Education and training in rock art site management
Education and training in rock art site management, including the development of plans for site management, conservation, condition reporting, and monitoring.
In August and September 2005, the project held a two-week workshop on rock art site management planning at Mapungubwe National Park. Twenty-three participants, mainly personnel at national and provincial parks with rock art sites, attended from various parts of South Africa, as well as from Botswana, Namibia, Zimbabwe, and Zambia. The participants drafted management plans for four rock art sites within the national park. This process included site description, writing statements of significance, assessment of condition and threats, photo documentation, and identifying management goals and timelines. As part of this process, the participants met with local park stakeholders, including property owners, academics, and community representatives.
In October 2006 the project held a similar two-week workshop in site management planning in the Cederberg in collaboration with the Clanwilliam Living Landscape Project. The activity was attended by 14 participants from Tanzania, Zambia, Zimbabwe and South Africa, who collectively represented four World Heritage sites, as well as other national and provincial parks. The workshop focused on the development of management plans for rock art sites in the Cederberg and was similar in scope to the 2005 workshop. As in the Mapungubwe site management workshop, the participants held a stakeholder meeting with local representatives of the tourism industry to identify significant management issues. The workshop culminated with participants preparing draft management plans for four rock art sites.
In August and September 2008 the project held a two-and-a-half week workshop on site management planning at Mapungubwe National Park. Eleven participants attended, primarily from South Africa but also from Botswana, Zimbabwe, and Zambia. Participants revised and updated three site-specific management plans (originally drafted in the 2005 Mapungubwe course) for sites that could be opened to the public for guided visits, carried out detailed documentation of four sites that could also be opened to the public for guided visits, and revised and updated the generic management plan for rock art sites in the Greater Mapungubwe Transfrontier Conservation Area (TFCA), which includes areas in Botswana and Zimbabwe. As part of the workshop participants visited rock art sites and met with stakeholders in Botswana and Zimbabwe.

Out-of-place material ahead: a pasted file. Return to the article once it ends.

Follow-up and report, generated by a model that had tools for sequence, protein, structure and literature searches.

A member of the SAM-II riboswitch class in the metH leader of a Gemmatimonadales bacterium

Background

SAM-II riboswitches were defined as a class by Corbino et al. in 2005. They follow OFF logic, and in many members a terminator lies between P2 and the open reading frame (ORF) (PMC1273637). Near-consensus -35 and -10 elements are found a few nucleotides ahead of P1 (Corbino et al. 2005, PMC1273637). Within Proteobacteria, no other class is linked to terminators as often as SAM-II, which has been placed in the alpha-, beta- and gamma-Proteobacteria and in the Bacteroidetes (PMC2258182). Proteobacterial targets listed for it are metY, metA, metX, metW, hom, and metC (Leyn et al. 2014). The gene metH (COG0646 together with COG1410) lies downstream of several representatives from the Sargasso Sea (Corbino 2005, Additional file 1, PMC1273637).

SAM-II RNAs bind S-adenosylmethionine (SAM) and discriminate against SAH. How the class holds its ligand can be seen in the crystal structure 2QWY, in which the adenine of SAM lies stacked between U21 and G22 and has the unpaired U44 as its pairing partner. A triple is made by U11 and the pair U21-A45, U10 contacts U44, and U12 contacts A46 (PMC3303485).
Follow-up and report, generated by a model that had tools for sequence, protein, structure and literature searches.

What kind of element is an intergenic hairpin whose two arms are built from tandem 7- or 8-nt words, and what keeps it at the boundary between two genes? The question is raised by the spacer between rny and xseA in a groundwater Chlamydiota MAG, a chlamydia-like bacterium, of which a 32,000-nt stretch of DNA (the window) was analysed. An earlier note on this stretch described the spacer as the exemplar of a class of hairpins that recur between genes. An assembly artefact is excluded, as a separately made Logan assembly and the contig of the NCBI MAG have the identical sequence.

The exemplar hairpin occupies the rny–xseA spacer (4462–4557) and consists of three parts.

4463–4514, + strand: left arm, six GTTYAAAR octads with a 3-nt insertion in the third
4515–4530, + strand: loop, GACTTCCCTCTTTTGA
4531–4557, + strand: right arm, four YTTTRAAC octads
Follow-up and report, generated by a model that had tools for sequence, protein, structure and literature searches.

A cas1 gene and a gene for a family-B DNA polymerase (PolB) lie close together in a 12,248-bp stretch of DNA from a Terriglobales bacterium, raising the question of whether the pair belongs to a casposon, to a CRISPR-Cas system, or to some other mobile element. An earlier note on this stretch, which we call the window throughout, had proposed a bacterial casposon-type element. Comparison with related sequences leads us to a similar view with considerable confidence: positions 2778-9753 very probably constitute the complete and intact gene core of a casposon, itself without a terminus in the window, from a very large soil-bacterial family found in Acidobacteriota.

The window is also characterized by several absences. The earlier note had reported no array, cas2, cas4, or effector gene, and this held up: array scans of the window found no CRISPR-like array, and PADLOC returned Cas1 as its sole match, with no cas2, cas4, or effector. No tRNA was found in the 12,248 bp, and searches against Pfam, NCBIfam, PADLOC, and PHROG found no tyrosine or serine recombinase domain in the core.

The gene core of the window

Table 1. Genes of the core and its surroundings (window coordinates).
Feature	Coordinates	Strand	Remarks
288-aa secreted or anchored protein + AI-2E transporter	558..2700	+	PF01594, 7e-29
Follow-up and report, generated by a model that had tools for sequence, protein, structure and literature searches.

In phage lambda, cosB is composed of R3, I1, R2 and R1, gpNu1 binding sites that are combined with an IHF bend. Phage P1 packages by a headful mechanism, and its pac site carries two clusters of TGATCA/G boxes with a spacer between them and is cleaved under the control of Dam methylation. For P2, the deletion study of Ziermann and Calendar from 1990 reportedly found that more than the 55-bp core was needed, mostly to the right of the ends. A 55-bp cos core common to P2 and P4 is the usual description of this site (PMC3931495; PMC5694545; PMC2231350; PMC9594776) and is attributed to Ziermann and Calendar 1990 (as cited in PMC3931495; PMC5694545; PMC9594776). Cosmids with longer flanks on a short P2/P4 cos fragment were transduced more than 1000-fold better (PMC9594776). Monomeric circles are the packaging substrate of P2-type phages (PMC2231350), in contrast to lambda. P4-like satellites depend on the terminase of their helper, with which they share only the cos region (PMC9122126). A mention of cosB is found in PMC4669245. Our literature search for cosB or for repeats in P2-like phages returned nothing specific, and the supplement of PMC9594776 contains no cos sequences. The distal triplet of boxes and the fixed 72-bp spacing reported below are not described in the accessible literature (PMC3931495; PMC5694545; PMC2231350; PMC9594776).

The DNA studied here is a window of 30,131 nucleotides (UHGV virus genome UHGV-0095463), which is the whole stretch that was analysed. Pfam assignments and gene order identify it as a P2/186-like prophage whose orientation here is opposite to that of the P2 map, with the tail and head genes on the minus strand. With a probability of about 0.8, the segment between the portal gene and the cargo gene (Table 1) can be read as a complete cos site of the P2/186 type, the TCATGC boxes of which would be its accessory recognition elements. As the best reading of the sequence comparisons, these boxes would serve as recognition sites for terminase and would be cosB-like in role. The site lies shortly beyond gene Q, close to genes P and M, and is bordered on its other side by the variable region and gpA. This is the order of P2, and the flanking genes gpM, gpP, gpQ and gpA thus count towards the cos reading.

Recently, the GCI has partnered with the Institute for Professional Practice in Heritage and the Arts (IPPHA) at the Australian National University to develop workshops on the conservation and management of rock.
In July 2012 IPPHA hosted a two-week program for a group from southern African countries structured around site visits starting in Canberra and continuing on to Arnhem Land in the Northern Territory. The visit to Australia enabled an exchange of expertise, knowledge, and the beginning of enduring contacts.
In 2013 a reciprocal exchange occured in South Africa for those participating in the Australian workshop with meetings at selected sites to further strengthen contacts, enhance conservation practice, and study indigenous management practices and sustainable use of sites.
Last updated: August 2019